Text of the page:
I chalk this up to the nature of people and nature of the real world.

President Obama has done an excellent job in terms of foreign affairs and the national security agenda, but seems to have some trouble working toward this particular domestic policy agenda at this time.

In the end, we the people cannot rely on any one political figure or any one group to get what we need from our government.

The fight goes on, and if they fail to achieve meaningful reform then we will pick up this battle once more in days yet to come.

And perhaps in those days yet to be before us, someone can explain clearly and passionately why we need health care reform in the US.

One can only hope….

The O’Reilly Factor Disgraces The Nation

o_reilly_doing_it_wrong

Lara Ingram just referred to the President of The United States as having a “notoriously anti-life agenda.”

I am sick of these disgraceful and partisan pundits using their platforms to sling arrows and rocks instead of intelligent commentary.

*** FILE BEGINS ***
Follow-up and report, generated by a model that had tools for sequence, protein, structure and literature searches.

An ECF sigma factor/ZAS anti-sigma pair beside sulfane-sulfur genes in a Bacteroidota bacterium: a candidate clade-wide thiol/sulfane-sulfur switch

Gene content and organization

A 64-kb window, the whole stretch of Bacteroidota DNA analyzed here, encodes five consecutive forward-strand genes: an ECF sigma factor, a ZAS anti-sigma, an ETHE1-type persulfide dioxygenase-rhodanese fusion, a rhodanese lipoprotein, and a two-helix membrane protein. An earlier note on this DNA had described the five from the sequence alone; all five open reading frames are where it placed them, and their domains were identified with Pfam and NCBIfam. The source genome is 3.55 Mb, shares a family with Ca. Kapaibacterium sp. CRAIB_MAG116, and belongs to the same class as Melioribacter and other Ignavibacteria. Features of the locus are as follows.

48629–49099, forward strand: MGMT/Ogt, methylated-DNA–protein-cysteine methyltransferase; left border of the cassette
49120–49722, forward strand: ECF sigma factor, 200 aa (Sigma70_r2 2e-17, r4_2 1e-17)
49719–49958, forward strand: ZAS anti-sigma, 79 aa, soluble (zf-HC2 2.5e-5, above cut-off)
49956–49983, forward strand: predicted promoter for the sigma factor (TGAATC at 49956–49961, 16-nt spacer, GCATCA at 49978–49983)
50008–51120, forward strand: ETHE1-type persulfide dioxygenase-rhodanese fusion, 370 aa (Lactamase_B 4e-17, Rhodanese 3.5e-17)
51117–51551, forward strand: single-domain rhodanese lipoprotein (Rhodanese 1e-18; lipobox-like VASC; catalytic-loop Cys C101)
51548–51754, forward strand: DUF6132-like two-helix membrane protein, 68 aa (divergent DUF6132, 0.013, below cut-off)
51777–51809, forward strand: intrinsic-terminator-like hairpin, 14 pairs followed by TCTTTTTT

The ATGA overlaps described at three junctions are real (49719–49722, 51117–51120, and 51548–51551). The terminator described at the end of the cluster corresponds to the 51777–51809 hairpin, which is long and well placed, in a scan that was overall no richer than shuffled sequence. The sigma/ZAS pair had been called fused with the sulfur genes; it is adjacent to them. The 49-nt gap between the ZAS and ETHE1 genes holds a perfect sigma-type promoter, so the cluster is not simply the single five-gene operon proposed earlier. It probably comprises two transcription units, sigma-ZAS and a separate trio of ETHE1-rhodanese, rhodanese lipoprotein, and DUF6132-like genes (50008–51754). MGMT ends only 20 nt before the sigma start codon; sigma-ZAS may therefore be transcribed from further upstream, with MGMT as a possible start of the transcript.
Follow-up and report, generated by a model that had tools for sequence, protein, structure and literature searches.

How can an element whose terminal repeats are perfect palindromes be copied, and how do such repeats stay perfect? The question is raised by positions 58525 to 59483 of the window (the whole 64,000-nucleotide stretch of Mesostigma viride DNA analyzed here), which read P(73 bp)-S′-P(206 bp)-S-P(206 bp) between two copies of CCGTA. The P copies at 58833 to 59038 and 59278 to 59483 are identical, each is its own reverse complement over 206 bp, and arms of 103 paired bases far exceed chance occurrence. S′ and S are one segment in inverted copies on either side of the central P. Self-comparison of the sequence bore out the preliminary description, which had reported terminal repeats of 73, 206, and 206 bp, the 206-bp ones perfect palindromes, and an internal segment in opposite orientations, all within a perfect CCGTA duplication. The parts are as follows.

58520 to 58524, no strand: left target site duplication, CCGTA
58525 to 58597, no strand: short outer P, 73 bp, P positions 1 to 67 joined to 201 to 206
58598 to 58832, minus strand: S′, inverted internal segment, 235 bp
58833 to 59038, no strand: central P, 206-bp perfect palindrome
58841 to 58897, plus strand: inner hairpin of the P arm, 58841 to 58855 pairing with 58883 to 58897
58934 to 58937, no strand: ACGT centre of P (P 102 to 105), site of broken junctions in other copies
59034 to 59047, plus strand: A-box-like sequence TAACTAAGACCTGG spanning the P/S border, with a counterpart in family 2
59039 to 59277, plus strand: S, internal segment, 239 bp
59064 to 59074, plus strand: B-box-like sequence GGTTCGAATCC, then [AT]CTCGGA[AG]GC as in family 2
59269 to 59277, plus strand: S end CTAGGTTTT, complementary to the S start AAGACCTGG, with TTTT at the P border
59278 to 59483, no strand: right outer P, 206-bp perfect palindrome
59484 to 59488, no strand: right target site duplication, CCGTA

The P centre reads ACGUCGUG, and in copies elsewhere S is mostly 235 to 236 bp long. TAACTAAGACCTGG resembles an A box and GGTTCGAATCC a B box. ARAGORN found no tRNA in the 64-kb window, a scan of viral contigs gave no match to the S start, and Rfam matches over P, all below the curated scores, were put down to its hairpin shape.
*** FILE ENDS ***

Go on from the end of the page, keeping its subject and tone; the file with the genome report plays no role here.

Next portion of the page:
The war-mongering and anti-gay agendas of conservatives aside, this is a perfect example of what equates to simply irresponsible broadcasting on behalf of FOX News.

If this is the standard of debate set upon me I would like to restate myself that The O’Reilly Factor is a format that supports domestic terrorism against US citizens by means of untrue and inflamatory rhetoric designed to specifically urge Americans toward acts of violence against other Americans.

 They are not only Anti-Choice, they are Anti-Freedom.

Let the true patriots stand tall against this dangerous and unintelligent programming.

 Whatever opinion a person holds of President Barack Obama, there is no excuse for this kind of hateful and untrue horse-play. Shame on the network.

Let’s Talk About Gangs

I just broke down the entire gang-structure of our area for my mother after she asked and suddenly realized that I have some amount of knowledge on this. And some small level of understanding of what role I can play in terms of the issue as a whole.

 “Live by the sword, die by the sword.”

 These words sum up my personal feelings towards owning weapons. However, the issue is not as simple as my personal reservations.